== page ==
In 1999, I was cajoled into running the New York Marathon. I’d reluctantly taken up running to keep the middle-aged spread at bay. The furthest distance I’d run was three miles. I had three months to train. I bought a book called How to Run a Four-Hour Marathon in Four Months. I started on month two. It was a steep learning curve.
I discovered during training that the further I ran, the more euphoric I became. I ran to music, middle-of-the-road stuff like Eye of the Tiger and Simply the Best – music I’d never admit to liking in company, and yet it inspired me and I felt fantastic.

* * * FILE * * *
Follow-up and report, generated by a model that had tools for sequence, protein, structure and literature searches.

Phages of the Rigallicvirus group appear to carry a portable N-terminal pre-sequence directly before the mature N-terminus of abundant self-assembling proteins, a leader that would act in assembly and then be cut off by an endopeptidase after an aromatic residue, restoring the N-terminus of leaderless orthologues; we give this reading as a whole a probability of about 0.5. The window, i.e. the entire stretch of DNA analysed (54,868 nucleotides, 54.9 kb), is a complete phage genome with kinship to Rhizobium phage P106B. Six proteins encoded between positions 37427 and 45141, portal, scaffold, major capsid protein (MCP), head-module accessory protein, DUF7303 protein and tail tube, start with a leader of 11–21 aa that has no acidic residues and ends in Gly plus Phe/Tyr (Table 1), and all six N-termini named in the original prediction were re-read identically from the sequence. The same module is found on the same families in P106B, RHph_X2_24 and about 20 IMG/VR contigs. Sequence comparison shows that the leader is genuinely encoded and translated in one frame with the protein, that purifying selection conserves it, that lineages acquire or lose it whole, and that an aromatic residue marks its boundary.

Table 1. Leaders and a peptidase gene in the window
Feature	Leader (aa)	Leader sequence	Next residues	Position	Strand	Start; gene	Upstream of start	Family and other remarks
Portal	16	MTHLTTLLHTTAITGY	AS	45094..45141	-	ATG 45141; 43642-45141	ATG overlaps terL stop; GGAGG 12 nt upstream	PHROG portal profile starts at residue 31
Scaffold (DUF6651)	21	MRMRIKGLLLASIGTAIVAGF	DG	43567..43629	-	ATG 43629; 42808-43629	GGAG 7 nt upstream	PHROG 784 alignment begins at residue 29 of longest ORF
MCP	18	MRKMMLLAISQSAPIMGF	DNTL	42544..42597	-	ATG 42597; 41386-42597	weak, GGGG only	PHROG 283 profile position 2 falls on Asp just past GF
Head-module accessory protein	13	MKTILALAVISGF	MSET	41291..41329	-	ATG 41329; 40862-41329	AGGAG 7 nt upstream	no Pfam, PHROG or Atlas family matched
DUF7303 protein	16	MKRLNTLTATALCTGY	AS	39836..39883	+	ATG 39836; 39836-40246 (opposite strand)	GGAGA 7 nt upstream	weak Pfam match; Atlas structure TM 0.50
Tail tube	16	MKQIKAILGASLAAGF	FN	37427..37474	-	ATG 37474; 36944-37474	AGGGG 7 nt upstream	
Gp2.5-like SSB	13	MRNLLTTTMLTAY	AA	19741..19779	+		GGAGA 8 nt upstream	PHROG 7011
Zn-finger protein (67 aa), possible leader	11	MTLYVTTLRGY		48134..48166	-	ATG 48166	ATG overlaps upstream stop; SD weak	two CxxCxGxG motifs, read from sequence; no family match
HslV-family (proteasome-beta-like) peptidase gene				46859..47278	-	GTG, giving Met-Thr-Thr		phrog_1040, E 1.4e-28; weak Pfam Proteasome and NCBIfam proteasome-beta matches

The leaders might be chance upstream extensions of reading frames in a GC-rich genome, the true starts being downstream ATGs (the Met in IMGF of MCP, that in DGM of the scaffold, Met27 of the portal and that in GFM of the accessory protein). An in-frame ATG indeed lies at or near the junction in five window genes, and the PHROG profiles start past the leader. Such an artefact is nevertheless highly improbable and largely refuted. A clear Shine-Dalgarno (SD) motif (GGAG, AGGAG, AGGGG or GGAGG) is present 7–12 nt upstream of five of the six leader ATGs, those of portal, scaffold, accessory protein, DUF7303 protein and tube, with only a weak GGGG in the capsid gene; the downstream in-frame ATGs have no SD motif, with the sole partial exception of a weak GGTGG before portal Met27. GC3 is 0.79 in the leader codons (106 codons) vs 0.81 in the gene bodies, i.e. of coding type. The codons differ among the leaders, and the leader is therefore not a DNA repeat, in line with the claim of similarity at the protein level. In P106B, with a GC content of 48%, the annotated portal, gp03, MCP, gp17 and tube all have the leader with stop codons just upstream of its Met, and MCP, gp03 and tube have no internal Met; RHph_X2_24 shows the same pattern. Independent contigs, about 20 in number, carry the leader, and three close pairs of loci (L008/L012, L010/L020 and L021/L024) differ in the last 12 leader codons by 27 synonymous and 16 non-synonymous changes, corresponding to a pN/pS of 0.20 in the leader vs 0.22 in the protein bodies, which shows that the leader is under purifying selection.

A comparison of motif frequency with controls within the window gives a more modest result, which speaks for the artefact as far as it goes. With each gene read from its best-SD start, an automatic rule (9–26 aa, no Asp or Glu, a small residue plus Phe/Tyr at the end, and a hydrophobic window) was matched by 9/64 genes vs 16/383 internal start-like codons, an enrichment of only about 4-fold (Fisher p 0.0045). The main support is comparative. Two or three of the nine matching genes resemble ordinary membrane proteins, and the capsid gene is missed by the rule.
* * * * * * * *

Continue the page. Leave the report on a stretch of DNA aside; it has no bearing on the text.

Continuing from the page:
As those endorphins flooded through me, I conjured up an endless stream of solutions to design briefs, solutions to the problems of the world and multi-million pound money-making schemes.
I ran my first marathon in under four hours. This inspired me to run more. Last year I ran the London, Chicago and New York marathons. Running is my meditation, it helps clear my mind and focus my thoughts. Who said it was boring?
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